The Simple Method is a technique used for estimating storm pollutant export delivered from urban development sites. The method was developed to provide an easy yet reasonably accurate means of predicting the change in pollutant loadings in response to development. This information is needed by planners and engineers to make rational non-point source pollution decisions at the site level.
The Simple Method Calculation is intended for use on development sites less than a square mile in area. As with any simple model, the method to some degree sacrifices precision for the sake of simplicity and generality. Even so, the Simple Method is still reliable enough to use as a basis for making non-point pollution management decisions at the site level.
Phosphorus pollutant loading (L, in pounds per year) from a development site can be determined by solving the equation displayed in Table L.1.
The value of P represents the number of inches of precipitation that falls during the course of a normal year of rainfall. Long-term weather records around the state of Minnesota suggest that the average annual rainfall depth is about 26 inches. This can be used to estimate P or a user can substitute the average annual rainfall depth from the closest National Weather Service long-term weather station or other suitable locations for which a reliable record can be demonstrated (> 10 years).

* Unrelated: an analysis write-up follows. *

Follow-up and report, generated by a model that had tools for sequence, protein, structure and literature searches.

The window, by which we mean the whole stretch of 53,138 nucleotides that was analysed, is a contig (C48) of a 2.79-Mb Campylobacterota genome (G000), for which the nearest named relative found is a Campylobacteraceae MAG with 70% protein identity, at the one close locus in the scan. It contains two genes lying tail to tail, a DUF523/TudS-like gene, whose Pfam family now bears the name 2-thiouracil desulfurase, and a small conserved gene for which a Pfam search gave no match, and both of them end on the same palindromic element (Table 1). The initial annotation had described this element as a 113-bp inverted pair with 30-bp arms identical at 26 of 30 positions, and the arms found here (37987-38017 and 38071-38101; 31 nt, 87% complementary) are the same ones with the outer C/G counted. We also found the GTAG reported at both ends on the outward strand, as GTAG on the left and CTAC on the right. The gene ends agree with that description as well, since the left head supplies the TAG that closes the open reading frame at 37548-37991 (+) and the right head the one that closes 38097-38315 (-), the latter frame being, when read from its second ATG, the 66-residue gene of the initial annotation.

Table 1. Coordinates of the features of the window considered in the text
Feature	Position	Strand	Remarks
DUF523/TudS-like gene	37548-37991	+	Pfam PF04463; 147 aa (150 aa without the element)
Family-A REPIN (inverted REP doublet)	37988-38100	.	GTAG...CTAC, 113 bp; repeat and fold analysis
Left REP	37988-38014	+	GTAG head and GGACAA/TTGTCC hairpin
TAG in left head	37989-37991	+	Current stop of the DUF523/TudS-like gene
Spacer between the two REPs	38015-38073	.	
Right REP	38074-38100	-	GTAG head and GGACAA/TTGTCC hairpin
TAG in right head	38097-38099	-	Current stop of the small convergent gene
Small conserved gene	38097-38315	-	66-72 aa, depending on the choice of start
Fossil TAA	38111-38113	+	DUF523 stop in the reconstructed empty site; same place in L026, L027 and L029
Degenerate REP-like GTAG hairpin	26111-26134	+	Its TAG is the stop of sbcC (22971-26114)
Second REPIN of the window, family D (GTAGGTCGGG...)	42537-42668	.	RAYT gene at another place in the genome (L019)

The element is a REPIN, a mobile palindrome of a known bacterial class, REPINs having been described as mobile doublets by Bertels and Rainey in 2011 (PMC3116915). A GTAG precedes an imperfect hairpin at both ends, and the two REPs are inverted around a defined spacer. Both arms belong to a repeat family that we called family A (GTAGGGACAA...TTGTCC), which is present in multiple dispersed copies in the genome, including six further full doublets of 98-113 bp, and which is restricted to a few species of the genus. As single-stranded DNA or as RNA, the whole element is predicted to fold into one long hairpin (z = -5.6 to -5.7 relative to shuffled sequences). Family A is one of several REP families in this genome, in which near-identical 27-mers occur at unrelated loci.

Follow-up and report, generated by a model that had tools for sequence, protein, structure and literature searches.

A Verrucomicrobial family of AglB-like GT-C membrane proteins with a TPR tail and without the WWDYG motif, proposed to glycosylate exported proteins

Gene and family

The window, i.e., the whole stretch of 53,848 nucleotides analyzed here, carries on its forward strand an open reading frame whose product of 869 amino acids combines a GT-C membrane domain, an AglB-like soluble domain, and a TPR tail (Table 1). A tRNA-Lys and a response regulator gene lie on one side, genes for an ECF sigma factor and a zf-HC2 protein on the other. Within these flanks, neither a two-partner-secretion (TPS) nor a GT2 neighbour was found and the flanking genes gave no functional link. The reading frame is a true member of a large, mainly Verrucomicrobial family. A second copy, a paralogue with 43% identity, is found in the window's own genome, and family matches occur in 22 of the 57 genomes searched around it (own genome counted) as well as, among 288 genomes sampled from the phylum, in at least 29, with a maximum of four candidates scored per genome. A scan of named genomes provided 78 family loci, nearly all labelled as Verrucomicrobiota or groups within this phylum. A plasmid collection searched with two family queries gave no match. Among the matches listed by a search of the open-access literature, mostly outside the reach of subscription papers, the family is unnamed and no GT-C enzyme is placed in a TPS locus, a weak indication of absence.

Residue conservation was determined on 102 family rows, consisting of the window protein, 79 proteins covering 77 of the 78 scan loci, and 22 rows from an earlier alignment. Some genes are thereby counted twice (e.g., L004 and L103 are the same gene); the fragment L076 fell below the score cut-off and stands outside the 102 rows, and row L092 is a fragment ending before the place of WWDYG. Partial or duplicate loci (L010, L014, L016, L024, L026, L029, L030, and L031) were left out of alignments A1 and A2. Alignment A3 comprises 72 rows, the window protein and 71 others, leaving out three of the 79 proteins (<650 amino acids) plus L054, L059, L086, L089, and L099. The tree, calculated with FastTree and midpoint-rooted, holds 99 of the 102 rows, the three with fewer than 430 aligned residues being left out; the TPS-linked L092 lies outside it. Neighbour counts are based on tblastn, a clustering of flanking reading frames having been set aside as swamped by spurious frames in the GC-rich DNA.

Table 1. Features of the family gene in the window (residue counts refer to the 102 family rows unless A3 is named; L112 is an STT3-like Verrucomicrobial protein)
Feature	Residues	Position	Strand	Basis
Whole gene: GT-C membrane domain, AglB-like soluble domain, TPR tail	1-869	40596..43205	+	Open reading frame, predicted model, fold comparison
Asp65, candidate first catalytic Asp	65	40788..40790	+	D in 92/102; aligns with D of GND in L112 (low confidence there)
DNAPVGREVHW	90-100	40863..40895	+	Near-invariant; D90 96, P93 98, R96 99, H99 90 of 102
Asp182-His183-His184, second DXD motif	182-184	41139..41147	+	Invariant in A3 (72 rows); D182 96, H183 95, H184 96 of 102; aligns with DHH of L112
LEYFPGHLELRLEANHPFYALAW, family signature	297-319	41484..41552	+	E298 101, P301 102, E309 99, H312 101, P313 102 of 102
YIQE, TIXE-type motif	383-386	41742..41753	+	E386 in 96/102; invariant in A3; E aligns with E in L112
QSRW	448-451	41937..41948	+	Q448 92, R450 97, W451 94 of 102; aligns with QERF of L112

The Pj factor is used to account for the fraction of the annual rainfall that does not produce any measurable runoff. Many of the storms that occur during the year are so minor that all of the rainfall is stored in surface depressions and eventually evaporates. As a consequence, no runoff is produced. An analysis of regional rainfall/runoff patterns indicates that only 90% of the annual rainfall volume produces any runoff at all. Therefore, Pj should be set at 0.9.
The Rv is a measure of the site response to rainfall events, and in theory is calculated as:
The Rv for the site depends on the nature of the soils, topography, and cover. However, the primary influence on the Rv in urban areas is the amount of imperviousness of the site. Impervious area is defined as those surfaces in the landscape that cannot infiltrate rainfall consisting of building rooftops, pavement, sidewalks, driveways, etc. In the equation:
The total area of the site (in acres) can be directly obtained from site plans. If the total area of the site is greater than one square mile (640 acres), the Simple Method may not be appropriate and applicants should consider utilizing other approaches, such as modeling or monitoring.